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Hoffmann, R. A wiki for the life sciences where authorship matters. Nature Genetics (2008)

Effects of dopamine metabolites on locomotor activities and on the binding of dopamine: relevance to the side effects of L-dopa.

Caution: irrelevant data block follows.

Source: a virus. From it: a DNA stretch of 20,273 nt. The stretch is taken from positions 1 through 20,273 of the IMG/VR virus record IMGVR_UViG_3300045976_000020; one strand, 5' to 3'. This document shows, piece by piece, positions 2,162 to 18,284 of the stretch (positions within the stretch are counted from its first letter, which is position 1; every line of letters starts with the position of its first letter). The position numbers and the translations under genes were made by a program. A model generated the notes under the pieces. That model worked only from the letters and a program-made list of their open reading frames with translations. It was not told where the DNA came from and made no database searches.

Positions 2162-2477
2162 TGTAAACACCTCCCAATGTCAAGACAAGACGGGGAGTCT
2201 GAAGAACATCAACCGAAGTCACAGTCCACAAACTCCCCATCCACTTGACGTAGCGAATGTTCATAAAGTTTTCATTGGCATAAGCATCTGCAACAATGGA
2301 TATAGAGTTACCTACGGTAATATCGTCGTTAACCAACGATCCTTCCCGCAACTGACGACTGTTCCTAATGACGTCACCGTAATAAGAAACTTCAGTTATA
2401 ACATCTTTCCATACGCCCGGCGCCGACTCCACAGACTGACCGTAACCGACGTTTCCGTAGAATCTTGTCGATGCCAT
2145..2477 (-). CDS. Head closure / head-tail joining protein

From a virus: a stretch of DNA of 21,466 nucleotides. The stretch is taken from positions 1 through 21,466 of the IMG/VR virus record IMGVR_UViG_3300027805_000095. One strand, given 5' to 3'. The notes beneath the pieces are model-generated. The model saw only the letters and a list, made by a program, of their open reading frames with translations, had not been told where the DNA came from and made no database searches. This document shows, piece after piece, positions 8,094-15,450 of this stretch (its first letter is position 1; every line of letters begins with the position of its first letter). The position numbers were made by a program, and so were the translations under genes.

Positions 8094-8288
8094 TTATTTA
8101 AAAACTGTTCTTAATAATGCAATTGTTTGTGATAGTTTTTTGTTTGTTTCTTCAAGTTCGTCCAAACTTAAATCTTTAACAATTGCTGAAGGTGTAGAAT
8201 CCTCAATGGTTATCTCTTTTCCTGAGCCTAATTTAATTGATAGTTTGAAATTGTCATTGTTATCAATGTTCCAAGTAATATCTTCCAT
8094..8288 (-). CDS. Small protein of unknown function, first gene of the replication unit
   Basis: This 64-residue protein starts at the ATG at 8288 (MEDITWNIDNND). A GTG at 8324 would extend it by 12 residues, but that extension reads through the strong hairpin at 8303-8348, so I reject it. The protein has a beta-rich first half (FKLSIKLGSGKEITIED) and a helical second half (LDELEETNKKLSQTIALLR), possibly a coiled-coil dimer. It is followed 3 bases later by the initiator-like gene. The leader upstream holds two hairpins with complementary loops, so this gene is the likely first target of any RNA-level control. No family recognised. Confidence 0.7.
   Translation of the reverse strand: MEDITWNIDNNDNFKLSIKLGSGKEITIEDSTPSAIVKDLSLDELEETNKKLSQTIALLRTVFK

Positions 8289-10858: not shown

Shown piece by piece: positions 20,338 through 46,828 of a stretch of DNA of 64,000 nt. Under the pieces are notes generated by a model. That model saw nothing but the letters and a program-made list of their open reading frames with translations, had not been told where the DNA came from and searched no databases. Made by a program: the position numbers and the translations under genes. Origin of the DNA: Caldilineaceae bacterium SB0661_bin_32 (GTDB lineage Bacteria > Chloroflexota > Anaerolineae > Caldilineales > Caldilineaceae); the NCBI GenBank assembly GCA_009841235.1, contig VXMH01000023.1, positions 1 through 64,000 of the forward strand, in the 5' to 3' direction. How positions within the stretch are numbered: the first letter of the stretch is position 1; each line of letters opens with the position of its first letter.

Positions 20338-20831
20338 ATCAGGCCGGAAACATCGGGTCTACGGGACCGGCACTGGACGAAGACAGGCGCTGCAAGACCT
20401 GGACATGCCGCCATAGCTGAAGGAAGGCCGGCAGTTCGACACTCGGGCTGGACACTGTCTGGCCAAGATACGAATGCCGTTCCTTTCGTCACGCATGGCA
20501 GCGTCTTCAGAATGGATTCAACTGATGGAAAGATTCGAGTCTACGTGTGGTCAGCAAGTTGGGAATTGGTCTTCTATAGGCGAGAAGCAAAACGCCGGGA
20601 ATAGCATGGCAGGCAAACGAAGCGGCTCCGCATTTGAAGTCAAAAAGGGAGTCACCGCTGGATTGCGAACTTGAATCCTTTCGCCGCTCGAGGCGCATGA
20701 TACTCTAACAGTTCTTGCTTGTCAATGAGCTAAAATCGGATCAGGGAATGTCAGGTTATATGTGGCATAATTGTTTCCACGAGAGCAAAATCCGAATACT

L-dopa is the major treatment for Parkinson's disease (PD), but its efficacy is limited by the presence of dyskinesia. The dyskinesia develops over a period of exposure to L-dopa and is related to the dosage, therefore, the cause may involve inductive changes that produce toxic levels of metabolites, interfering with dopamine (DA) neurotransmission. Chronic L-dopa induces catechol-O-methyltransferase (COMT) and methionine adenosyl transferase (MAT), enzymes involved in the methylation of catecholamines (CA). In addition, high levels of 3-O-methyl-dopa have been reported in the plasma of dyskinetic PD patients, treated with L-dopa, as compared to non-dyskinetic patients, therefore, the methyl metabolites of CA may be increased during L-dopa therapy and may be involved in the dyskinesia. Since large amounts of DA are produced from L-dopa, and DA is extensively methylated, the methyl metabolites of DA, 3-methoxytyramine (3-MT) and 3,4-dimethoxyphenylethylamine (DIMPEA), may be also involved. The first step in knowing this, is to assess the behavioral and DA-receptor activities of 3-MT and DIMPEA. In the rat, the intraventricular injection of 0.5 micromol of DIMPEA increased the total distance traveled (TD) by over 100%, the number of movement (NM) made by 40% and the time spent moving (MT) by about 36%. Identical doses of 3-MT decreased the TD by 42%, NM by 22% and MT by 39%. DIMPEA (1 mM) increased the binding of DA with brain membranes by 44.7%, whereas 3-MT decreased it by 15.8%. The results show that 3-MT and DIMPEA are behaviorally active, and in parallel, they interact with the binding sites for DA, consequently, they may contribute to the side effects of L-dopa. L-dopa produces high levels of DA and induces MAT and COMT. It is proposed, therefore, that DA will be methylated to 3-MT and 3-MT to DIMPEA. At threshold level each product will inhibit, allosterically, its enzyme of methylation, causing sequential and rhythmic up and down regulation of its concentration. At peak levels these hydrophobic metabolites will modulate the actions of DA on synaptic membranes, causing abnormal movements, at times, resembling the "on-off effects".[1]


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